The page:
≡ Menu

Houston’s Quiet Positional Revolution: Part 1 – Changing the Guards

NBA basketball is changing. Rules changes and new methods for measuring and developing talent usher in new styles of play, new styles of player, and new styles of winning. Teams like the Miami heat are reaping dividends by throwing out the idea of standard NBA positions, and so-called “small ball” is pushing the league to ever higher scoring heights. Never one to sit idly by, the Houston Rockets have joined in as a pioneer of new styles of basketball. While the Miami Heat may have brought the positional revolution to the average NBA fan with LeBron in the post and Chris Bosh starting as the tallest Heat player on the court, the Rockets are having their own quiet revolution.

The five players on the floor, as understood by the traditional positionality, are as follows:

  • A Point Guard to handle the ball, distribute to scorers, and hopefully space the floor and score as well.
  • A Shooting Guard to score, to space the floor and to handle the ball as well.
  • A Small Forward to score, usually space the floor, hopefully rebound and maybe handle the ball.
  • A Power Forward to rebound, usually score, sometimes distribute and often post up.
  • A Center to rebound, often score, usually post up and hopefully protect the rim.


In a nutshell, teams and players have been rejecting the idea that those role combinations need to be connected in that way. Point Guards can score, Small Forwards can distribute, and centers can dribble. Teams now look to cover the various offensive needs without needing a standard set of players. This opens the door for creative, smaller lineups. As post play seems to become more and more rare, scores, paces and pulses rise.

In the 16 games since the Rockets lost in overtime to the San Antonio Spurs on December 10th, the Rockets have made adjustments that have allowed them to win a shocking 12 of them. One of these adjustments was not just to tighten their guard lineup, but to make a critical change that defies the ideas of the traditional positions. Daequan Cook was eliminated as the backup shooting guard (and eventually eliminated entirely from the roster), replaced with Toney Douglas. Toney’s place as backup point guard? That was handed to starting shooting guard James Harden.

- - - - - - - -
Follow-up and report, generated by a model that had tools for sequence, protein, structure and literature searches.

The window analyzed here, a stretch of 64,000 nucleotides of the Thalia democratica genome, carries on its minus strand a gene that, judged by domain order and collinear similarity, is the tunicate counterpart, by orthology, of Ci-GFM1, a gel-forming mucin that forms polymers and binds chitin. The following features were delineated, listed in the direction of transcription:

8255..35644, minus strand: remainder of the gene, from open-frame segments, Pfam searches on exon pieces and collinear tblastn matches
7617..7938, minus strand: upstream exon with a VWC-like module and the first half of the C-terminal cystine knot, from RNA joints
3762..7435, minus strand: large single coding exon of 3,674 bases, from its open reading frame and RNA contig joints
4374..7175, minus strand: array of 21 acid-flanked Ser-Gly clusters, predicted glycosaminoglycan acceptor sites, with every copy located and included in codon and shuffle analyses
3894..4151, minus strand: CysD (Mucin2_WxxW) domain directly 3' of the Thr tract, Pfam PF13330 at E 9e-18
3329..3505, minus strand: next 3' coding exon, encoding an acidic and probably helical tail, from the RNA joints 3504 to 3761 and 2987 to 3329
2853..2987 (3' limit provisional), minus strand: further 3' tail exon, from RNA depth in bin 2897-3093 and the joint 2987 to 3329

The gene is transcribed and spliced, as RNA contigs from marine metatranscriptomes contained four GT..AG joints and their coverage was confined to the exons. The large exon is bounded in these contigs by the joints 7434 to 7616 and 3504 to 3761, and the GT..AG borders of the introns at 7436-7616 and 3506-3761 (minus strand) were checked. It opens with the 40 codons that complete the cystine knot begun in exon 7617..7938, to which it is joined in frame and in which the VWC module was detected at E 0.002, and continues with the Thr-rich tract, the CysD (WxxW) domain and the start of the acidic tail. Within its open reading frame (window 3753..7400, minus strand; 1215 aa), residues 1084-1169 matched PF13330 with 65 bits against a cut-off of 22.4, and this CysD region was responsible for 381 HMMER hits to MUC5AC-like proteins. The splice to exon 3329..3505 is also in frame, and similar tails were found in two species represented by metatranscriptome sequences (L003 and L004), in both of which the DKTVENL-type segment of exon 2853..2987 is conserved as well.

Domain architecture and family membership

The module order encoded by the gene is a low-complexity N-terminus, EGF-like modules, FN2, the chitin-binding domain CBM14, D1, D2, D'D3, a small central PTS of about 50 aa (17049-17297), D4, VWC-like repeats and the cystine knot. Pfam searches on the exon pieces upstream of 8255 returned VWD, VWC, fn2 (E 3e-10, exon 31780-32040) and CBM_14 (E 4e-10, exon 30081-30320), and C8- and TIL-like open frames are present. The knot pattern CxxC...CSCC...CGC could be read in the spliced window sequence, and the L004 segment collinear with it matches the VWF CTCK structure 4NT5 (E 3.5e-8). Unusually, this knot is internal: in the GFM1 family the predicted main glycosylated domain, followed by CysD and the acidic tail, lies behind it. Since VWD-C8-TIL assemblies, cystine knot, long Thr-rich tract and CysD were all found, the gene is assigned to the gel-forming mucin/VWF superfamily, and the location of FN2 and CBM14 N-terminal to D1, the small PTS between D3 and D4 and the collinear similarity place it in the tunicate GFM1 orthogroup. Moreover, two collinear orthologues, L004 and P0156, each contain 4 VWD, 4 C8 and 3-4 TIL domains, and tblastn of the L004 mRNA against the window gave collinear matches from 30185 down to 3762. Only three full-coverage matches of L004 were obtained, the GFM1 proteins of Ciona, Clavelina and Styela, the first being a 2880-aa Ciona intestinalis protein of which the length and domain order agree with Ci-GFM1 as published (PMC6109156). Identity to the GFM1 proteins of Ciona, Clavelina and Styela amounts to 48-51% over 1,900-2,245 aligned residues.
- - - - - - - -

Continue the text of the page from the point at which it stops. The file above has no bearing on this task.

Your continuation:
That isn’t really quite accurate. Whatever type of players Harden, Lin and Douglas were, they’re still those players. The change is what roles they’re being asked to perform, and how often. A team obviously needs at least one ball handler and distributor on the floor at all times, preferably in one player. The quintessential point guard dribbles around the floor, creating chaos (in an orderly way, usually) and then passing the ball to the open man for easy shots. When a player can dribble and shoot but not pass or create for others very well, this defies the idea of what a point guard is. A team that doesn’t pass typically can’t get the kind of looks they want.

Some teams, like the Thunder, embrace an assist-low gameplan, allowing their primary ball handler to focus more on scoring than average, though it must be noted that Westbrook has had impressive assist numbers this year. What they don’t have, and what they lost with James Harden, was a second strong creator and distributor. And that’s what Houston gained. In November, before the rotations had been solidified, the Rockets tried a number of rotations, most of them revolving around Lin and Douglas staggering minutes as the point guard. Douglas looked lost at times, coughing up the ball 4.9 times per 48 minutes and only notching 5.6 assists per 48. Given that he was only playing 16 minutes a game, and that players typically find it easier to post better per 48 stats in shorter minutes, that’s a poor showing. The Rockets’ bench unit looked shaky and was viewed as a point of weakness.